(excerpts from: “A History of the Towns of Bristol and Bremen,” John Johnston, 1873)
November 1, 1764, at a meeting of gentlemen from “Walpole, Harrington, Pemaquid, Broad Cove, and Round Pond,” James Boyd was chosen moderator, and Thomas Johnston, clerk. Measures were taken to procure an act of incorporation and James Boyd and Wm. Miller were appointed a committee to draft a petition for the purpose, procure signatures and forward it to to the legislature.
At the same meeting it was also agreed, that the new town should include the three districts of Walpole, Harrington, and Broad Cove each of which should build it’s own meeting house, and each have it’s proper share of the “ministerial performances” when a minister should be obtained.
The 1st Act of Incorporation was passed June 21st, 1765, but the northern boundary not suiting the citizens, another act was passed the following year, June 19th, 1766.
The very appropriate name Bristol was given the new town because of the connection of it’s previous history with so many eminent citizens of Bristol, England, but it is not known by whom it was 1st suggested.
At the annual meeting, March 12, 1767, besides choosing officers little was done, except to “discuss the meeting house question, and appointing a committee to procure preaching”, but at a meeting in June, it was decided to build their meeting houses, as soon as the citizens “should think it proper”. It was also:
“Voted, that the town get a church order as soon as opportunity will afford, and that we shall be under the Westminster Confession of Faith, or Presbyterian rules.” Committee appointed to carry this resolution into effect, Wm.Jones, Patrick Rogers, George Clark, Nathl. Palmer, and Wm. McLain.
But there was a powerful minority, violently opposed to the decision concerning the meeting houses because they thought the people unable to raise so much money as would be required. They therefore caused a protest in the record, “a decent” (dissent) to be entered on the town record, which was signed by the following twelve persons, viz, James Drummond, Simon Eliot, George Clark, John Lermond, Francis Young, Elisha Clark, Joseph Clark, Samuel Clark, Alexander Fossett, James Sproul, John Lermond Jr., and Robert Paul.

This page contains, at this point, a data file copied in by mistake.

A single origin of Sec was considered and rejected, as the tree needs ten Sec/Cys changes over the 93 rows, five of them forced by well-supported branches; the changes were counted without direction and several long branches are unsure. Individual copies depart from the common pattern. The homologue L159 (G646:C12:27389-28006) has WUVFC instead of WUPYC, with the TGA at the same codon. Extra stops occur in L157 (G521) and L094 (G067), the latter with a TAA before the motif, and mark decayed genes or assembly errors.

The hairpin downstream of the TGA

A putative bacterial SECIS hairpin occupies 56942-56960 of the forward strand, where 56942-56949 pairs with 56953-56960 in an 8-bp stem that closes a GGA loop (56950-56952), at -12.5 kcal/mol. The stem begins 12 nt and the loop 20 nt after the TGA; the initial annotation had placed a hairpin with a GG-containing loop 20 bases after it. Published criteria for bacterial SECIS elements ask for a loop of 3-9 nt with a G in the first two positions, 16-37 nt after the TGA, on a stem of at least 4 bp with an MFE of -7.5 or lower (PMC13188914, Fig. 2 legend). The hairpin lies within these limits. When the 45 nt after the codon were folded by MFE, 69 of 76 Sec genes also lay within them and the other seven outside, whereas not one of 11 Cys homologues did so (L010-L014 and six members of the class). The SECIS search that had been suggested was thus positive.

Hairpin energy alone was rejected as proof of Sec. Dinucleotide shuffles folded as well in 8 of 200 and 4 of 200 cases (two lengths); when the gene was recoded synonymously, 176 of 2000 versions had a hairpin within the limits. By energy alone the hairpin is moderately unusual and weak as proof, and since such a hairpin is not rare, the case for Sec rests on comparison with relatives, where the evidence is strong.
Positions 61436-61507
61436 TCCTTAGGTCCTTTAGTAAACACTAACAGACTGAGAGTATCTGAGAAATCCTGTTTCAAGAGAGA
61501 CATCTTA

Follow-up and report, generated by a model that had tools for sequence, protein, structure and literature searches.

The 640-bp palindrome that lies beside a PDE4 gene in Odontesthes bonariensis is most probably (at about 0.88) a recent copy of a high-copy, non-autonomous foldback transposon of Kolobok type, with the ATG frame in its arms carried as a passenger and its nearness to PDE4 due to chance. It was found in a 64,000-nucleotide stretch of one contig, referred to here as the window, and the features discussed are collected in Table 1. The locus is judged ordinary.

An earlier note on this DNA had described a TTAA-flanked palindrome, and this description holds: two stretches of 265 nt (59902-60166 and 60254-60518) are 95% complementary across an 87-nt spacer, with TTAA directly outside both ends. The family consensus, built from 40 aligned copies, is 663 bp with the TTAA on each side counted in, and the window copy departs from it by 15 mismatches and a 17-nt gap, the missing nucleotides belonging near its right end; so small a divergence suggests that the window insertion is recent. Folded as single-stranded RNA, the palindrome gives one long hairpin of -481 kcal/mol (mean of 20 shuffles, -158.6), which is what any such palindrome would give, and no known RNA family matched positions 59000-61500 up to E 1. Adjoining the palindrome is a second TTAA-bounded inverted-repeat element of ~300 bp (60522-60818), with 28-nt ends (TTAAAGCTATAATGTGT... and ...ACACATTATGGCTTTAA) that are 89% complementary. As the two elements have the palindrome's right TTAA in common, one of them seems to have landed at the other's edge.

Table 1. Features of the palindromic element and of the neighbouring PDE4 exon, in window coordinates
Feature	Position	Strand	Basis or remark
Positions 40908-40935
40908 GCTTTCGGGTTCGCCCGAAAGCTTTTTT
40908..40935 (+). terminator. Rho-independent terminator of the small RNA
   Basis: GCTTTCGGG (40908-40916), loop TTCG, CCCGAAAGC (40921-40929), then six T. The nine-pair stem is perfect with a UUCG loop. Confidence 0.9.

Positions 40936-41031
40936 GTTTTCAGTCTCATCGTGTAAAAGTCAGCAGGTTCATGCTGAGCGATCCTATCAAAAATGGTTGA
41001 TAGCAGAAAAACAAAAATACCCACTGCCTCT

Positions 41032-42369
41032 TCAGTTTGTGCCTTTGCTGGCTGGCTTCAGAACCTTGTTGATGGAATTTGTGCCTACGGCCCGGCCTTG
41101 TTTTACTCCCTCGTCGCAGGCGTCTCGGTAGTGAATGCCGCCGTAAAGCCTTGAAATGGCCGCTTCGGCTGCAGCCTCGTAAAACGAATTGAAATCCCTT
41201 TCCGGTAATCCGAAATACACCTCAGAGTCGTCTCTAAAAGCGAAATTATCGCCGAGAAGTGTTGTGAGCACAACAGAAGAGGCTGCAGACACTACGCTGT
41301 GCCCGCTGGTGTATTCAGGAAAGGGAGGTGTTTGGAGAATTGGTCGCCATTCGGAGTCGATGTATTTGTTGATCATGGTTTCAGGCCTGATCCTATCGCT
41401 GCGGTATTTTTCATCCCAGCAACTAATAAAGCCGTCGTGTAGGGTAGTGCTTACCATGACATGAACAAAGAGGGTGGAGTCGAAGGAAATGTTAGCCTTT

The next year the meeting house question was the chief matter of discussion at the town meetings; but in spite of the opposition the plan to have three houses was adhered to, and on May 2nd, 1768 it was “voted to locate the Pemaquid and Harrington meeting house and burying place, on Wm. Sproul’s land, where after much contention it was afterward erected, and stood until recent times. Alexander Nickels, Patrick Rodgers, and Robert Sproul were appointed a committee to attend the building of the house.
At the same meeting the Walpole meeting house was located “on the land of John Thomson,” and Dugall McMichael, Henry Hunter, and Richard Hiscock appointed a committee to lay out the land for it.
At the annual town meeting, March 14th, 1769, it was voted to raise 100 pounds “for preaching and schooling” the following year, and that each of the three parishes, Harrington, Walpole, and Broad Cove, should expend its own proportion of the money raised for schools. It was also voted that each parish should “raise by tax 100 pounds for building its meeting place.”
(from: ” Colonial Meeting-Houses of New Hampshire.” Eva Speare, 1938)
Unlike the other surviving meetinghouses which are typically clad with clapboards, the exterior of Walpole’s meetinghouse is covered by rough, hand-split shingles that, once upon a time, were either painted or stained a brownish yellow that so resembles the color of the birch leaves as to camouflage it among the trees.
In size and shape, Walpole resembles its contemporary, Sandown (New Hampshire); even the arrangement of the pews on the floor is identical also. Here, however is a more completely finished interior. The rough posts of the frame are concealed by planed casement with beveled corners; the woodwork is painted a dull grey color; the windows are furnished with twenty-four of the smallest panes of old glass that we have seen.
The pulpit is a masterpiece by skilled ship carpenters and unlike any design elsewhere. If the tulip base designates the pattern of Rocky Hill, then the daisy must have been the inspiration for this one in Walpole. A mottled green paint, to simulate Italian marble, covers both the pulpit and the posts that support the gallery. One of the most curious relics we have found is the hinge to the door that enters the pulpit pew. A double jointed semi-circular section permits the door to slip by into the pulpit enclosure a few inches so, as it swings, it does not obstruct the narrow landing at the top of the stairway.
A reversed plan for the pews was found in the gallery. On its floor the square pews lined the parapet while the usual long slip pews were built on raised step-like platforms behind the family pews.
Balancing upon the railing of the rear pew, we were able to lift our heads through the cubbyhole in the ceiling to study the framework of the roof. To our surprise, the timbers were about half the size of other structures of this period and queen-post trusses with single rafters supported the roof. As in Sandown, the wedged or “locked” joints held the struts firmly in position.